February 9th marks ‘International Safer Internet Day’. The Canadian Centre for Child Protection is encouraging parents of teenagers and youth to use safety resources to discuss online internet safety with their children.
The London Police service has officers that help educate students in schools about the dangers of online posting and that you don’t know who is on the other side of the computer.
“We see younger kids as early as grades two and three with their own Instagram account or their own Facebook account,” says London Police Constable Sandasha Bough. “They don’t know who they’re talking to. They don’t know who is on the other side of the computer. Anyone can use any picture they want, any name they want, and they can say they live anywhere they want.”
London Police have implemented changes to the way that they are teaching students about the dangers of talking to strangers when they surf the web.
Constable Bough says that the police service interact with the youth in a number of different ways, “We have a grade two program where we teach safety online at the YMCA Safety Village, in grade three the students learn about safety in regards to always asking parent’s permission before they go online and for the students in grade six, we have an entire system all about internet safety.”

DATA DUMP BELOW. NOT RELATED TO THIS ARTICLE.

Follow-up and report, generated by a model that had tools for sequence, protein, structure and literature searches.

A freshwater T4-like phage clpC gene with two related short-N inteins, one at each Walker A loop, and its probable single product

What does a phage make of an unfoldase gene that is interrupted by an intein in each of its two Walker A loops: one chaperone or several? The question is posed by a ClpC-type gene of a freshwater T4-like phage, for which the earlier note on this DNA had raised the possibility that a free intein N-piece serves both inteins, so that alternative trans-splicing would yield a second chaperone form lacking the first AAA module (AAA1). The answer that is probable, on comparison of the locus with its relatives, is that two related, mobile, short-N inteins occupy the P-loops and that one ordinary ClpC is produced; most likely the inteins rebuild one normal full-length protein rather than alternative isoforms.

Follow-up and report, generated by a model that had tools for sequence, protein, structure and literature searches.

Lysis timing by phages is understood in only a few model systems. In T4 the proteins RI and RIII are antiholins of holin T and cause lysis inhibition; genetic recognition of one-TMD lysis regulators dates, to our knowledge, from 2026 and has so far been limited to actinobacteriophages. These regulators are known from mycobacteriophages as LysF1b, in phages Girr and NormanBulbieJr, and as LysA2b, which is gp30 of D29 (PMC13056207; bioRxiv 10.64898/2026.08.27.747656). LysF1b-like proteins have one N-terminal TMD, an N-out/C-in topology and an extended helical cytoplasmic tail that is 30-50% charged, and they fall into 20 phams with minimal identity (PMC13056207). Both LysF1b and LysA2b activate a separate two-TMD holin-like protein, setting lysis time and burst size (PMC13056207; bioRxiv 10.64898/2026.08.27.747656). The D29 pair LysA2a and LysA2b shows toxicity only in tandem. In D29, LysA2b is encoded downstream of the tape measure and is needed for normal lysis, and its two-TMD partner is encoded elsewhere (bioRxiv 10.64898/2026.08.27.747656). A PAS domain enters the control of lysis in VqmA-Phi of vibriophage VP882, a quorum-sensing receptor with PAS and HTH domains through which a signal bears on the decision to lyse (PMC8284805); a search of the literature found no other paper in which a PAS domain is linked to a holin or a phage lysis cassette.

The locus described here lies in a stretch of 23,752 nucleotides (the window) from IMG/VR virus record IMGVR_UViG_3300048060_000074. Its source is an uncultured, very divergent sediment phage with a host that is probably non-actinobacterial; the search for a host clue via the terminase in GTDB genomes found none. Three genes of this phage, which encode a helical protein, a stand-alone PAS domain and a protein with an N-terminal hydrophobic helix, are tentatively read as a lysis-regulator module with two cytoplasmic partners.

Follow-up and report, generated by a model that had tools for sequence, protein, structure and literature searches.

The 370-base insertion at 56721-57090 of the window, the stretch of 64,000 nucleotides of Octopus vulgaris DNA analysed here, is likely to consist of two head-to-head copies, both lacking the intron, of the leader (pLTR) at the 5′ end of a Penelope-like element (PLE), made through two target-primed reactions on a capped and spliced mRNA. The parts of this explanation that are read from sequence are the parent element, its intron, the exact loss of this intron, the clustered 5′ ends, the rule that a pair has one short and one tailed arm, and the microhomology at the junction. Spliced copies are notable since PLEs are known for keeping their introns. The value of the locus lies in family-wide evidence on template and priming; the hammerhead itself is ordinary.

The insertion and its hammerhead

Constable Bough also adds that in grade eight, the students learn about possible criminal charges that they could face if they engage in harassment or exploitation on the internet.
In a media statement, the Canadian Centre for Child Protection is encouraging the public to take four steps to create a safer internet:
- Talk to your teenager
- Stay informed about concerning technology
- Raise awareness on social media
- Report concerns about youth being exploited
Police say that the best way to stay for a youth to safe on the internet is to report any online assault to a trusted adult. You can find more information here.